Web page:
Wholesale chargebacks are a pain (if not a major cost burden) and can happen for a number of reasons. While the correct accounting treatment depends on the nature of the chargeback and the accounting principles followed by your company, there are some general guidelines below that you should consider when handling these:
Record wholesale chargebacks according to your business needs
Ultimately, you should consult your accounting professional or CPA to make sure the method you choose is sound for your business and agrees with your accounting policies, but you likely have some flexibility with how these are recorded. Some options include the following:
- Record as a negative to Revenue - This would likely be your “Returns and Discounts” revenue account, which actually is represented as a negative amount and reduces revenue in aggregate. While this reduces overall revenue, it doesn’t impact your COGS or Operating Expense (detailed below).
- Record to Cost of Goods Sold - You assume wholesale chargebacks are a natural part of your sales process and record this to a COGS account. While this doesn’t impact revenue, it does lower your gross profit and gross margin.
- Record to Expense - You see chargebacks as an operating expense, and tag these to a generic account or an account dedicated to chargebacks for better tracking. This removes them from revenue and gross margin calculations, but does still impact net income.
Consider creating an allowance for wholesale chargebacks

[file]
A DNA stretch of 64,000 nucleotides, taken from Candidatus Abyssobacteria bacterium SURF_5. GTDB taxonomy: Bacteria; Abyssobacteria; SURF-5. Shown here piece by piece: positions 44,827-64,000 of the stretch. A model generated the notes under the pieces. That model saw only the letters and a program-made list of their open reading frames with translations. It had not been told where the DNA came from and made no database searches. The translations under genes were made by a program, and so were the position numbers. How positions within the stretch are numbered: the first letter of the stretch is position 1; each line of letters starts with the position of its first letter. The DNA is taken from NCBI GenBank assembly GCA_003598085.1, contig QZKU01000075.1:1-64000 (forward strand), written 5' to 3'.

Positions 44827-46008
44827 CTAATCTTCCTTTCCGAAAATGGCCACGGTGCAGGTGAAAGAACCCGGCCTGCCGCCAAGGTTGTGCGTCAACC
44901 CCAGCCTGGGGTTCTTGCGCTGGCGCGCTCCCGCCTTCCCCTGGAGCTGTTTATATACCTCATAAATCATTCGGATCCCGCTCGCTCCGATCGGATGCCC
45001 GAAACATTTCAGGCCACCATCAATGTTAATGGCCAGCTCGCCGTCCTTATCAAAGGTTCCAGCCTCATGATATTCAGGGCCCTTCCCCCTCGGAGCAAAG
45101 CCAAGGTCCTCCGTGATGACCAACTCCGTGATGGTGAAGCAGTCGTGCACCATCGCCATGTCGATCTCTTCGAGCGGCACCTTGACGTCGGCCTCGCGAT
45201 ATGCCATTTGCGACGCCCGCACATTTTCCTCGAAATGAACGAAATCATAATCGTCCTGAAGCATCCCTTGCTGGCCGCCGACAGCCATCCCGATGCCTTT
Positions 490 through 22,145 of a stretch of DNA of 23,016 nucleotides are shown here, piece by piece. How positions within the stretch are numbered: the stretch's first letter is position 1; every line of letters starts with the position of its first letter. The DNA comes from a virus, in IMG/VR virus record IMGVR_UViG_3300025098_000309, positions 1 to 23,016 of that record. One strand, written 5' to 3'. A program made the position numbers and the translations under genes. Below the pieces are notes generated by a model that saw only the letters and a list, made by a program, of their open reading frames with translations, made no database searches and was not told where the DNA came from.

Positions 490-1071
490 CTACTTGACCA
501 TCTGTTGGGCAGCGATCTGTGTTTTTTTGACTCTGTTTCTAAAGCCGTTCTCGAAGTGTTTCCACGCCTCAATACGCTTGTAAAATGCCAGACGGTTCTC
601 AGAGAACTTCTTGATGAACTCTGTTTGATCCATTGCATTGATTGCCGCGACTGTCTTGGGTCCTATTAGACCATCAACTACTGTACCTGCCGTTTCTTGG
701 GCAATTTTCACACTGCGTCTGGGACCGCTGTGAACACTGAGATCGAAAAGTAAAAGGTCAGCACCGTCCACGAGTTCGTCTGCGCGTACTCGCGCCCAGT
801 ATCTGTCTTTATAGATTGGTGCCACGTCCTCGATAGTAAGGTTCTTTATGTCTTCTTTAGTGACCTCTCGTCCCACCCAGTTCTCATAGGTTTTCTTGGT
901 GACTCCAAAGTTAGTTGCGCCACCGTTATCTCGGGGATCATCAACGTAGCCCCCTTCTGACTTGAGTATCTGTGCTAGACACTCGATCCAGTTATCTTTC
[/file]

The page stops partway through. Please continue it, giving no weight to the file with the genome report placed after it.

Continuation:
If meaningful chargebacks are expected based on historical data or contractual agreements with your large retail partners, you should consider creating an allowance for chargebacks on your financials. This allowance is essentially an estimated liability on the balance sheet to account for future chargebacks, and would be booked in the same month you record the revenue for which you expect the chargeback. This method is recommended if chargebacks are frequent and expected as routine operations (i.e. not a one-off).
The accounts involved in this method include: Allowance for Chargebacks (balance sheet), Chargeback Expense (expense on the income statement), and Accounts Receivable (balance sheet). This removes chargeback impact from revenue or COGS, and moves it to the balance sheet and operating expense on the income statement. For example, if you recorded $1,000,000 in sales in October 2023 and you assume 1% of that to be charged-back, you would record the following:
Then, as you started to incur chargebacks later on against those Oct sales, you would reduce the Allowance account, and credit AR (since you don’t expect to be fully paid on that invoice):
Most likely, wholesale chargebacks will take the form of a credit memo that you issue to your customer saying, “You no longer have to pay this amount on that invoice I sent you.” In effect, that reduces the amount owed to you via the customer invoice you sent them previously as part of that shipment. You should ensure that credit memos are associated with the relevant invoice in your billing system so you can trace the chargeback back to the correct period and customer purchase.
Analysis & Reporting
It’s critical to be able to track and report on wholesale chargebacks so you can get a sense of how well your shipping and fulfillment teams are operating. Wholesale chargebacks can range from 1%-10% of total B2B sales, so it’s important to be able to see a pattern emerging and get ahead of it.
We recommend ensuring you have data capabilities that allow you to see chargebacks by customer, fulfillment method, merchandise category, and region, to see where you might need to get better at complying with your customers requirements. We also recommend checking out our wholesale chargebacks product (aptly named Chargebacks) to see how Convictional can help you reduce your chargebacks and keep more of your sales!
Please note that the above is for informational purposes only. You should consult your CPA to determine the proper accounting practices for your business
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